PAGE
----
tributions to efforts to alleviate poverty and social inequality in Thailand.
In his opening remarks at the seminar, APO Secretary-General Shigeo Takenaka
introduced the broad spectrum of creative productivity models that APO
projects have disseminated, including practical Japanese tools such as 5S,
kaizen, and the community-based One Village, One Product (OVOP) move-
ment. Other models included Thailand’s One Tambon, One Product (OTOP)
movement (an adaptation of OVOP), Korea’s New Community Development
(Saemaul Undong), Indonesia’s groundbreaking microfinance system, and
Bangladesh’s Nobel Prize-winning Grameen Bank. “The suffciency economy
concept caught our attention after Thai participants in various APO projects re-
ferred to it during discussion sessions. It is interesting for me to learn that the
concept is broader and applicable at any level from individuals, communities,
and enterprises to the management of the national economy,” stated Secretary-
General Takenaka.
Keynote speaker Secretary General Dr. Surin Pitsuwan, Association of South-
east Asian Nations, suggested that the SEP could serve as a coping mechanism
for the harsh realities of globalization since, “Globalization offers no defenses,
no protection or guarantees for anyone anymore. Everyone is equally exposed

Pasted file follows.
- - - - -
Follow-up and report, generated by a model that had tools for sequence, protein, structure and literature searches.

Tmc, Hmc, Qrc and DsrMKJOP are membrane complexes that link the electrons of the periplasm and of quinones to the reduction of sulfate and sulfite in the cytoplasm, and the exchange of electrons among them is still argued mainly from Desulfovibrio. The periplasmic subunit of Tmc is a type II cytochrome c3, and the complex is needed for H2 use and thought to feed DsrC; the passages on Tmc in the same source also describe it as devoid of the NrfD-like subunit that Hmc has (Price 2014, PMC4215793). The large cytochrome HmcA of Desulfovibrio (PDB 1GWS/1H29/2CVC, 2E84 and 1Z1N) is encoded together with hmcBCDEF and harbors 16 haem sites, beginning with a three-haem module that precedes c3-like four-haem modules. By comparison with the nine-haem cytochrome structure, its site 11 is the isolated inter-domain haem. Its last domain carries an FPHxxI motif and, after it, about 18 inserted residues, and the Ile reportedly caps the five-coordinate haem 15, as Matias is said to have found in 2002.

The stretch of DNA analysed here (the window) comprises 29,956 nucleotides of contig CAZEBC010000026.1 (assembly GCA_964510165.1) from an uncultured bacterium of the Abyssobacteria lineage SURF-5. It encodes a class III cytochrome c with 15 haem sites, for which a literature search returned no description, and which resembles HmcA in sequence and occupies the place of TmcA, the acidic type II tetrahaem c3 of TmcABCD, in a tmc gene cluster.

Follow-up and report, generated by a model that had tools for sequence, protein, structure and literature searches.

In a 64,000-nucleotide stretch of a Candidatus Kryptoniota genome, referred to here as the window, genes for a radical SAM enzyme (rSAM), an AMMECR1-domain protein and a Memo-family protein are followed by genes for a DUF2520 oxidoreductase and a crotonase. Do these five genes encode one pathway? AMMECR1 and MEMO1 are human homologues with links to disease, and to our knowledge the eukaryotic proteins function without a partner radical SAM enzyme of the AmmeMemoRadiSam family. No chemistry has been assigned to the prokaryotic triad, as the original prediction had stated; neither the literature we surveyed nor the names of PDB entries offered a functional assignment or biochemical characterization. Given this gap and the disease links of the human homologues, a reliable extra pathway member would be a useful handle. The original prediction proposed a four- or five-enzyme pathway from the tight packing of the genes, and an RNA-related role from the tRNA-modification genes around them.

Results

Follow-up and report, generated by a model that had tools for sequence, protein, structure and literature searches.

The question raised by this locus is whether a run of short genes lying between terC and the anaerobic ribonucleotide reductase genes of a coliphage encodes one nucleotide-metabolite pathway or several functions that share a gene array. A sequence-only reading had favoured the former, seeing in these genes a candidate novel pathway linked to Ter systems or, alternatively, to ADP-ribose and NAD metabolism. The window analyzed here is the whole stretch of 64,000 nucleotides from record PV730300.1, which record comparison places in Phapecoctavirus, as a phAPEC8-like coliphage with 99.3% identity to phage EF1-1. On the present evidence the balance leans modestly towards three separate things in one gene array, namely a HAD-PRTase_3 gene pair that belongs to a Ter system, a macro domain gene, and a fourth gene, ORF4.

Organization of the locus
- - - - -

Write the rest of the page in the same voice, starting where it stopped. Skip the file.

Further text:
and everything is at risk.” Dr. Pitsuwan added that the world was in desperate
need of alternative, sustainable solutions that deliver social security, especially
developing nations struggling to balance immediate needs and future nation-
building agendas.
The SEP is increasingly accepted by the Thai corporate world. An early adopter
was the Siam Cement Group, the recipient of H.M. the King’s Trophy for Best
Practice of the Sufficiency Economy in Large Enterprises category in 2007.
During the Asian fnancial crisis, the group devised a survival strategy for re-
form centered on the SEP which averted possible business closure by harness-
ing the ingenuity, resourcefulness, and self-suffciency of its employees.
For the FTPI, the seminar provided an opportunity to share the best practices of
the SEP in action in its OTOP outreach programs. The FTPI is conducting need
assessment for OTOP cluster management and designing a quality management
framework based on the SEP. It expects that the SEP will become the foundation
for developing human resources holistically throughout the Asia-Pacifc.
Theme:
Productivity—Tomorrow’s Hope
Sponsor: Asian Productivity Organization
Cosponsor: FUJIFILM Corporation
Supported by: National Productivity Organizations
Entrants: Nationals of APO members
Closing Date for Entries: 15 August 2008
Asian Productivity Organization
Rules and Entry Form: See the APO Web site (www.apo-tokyo.org)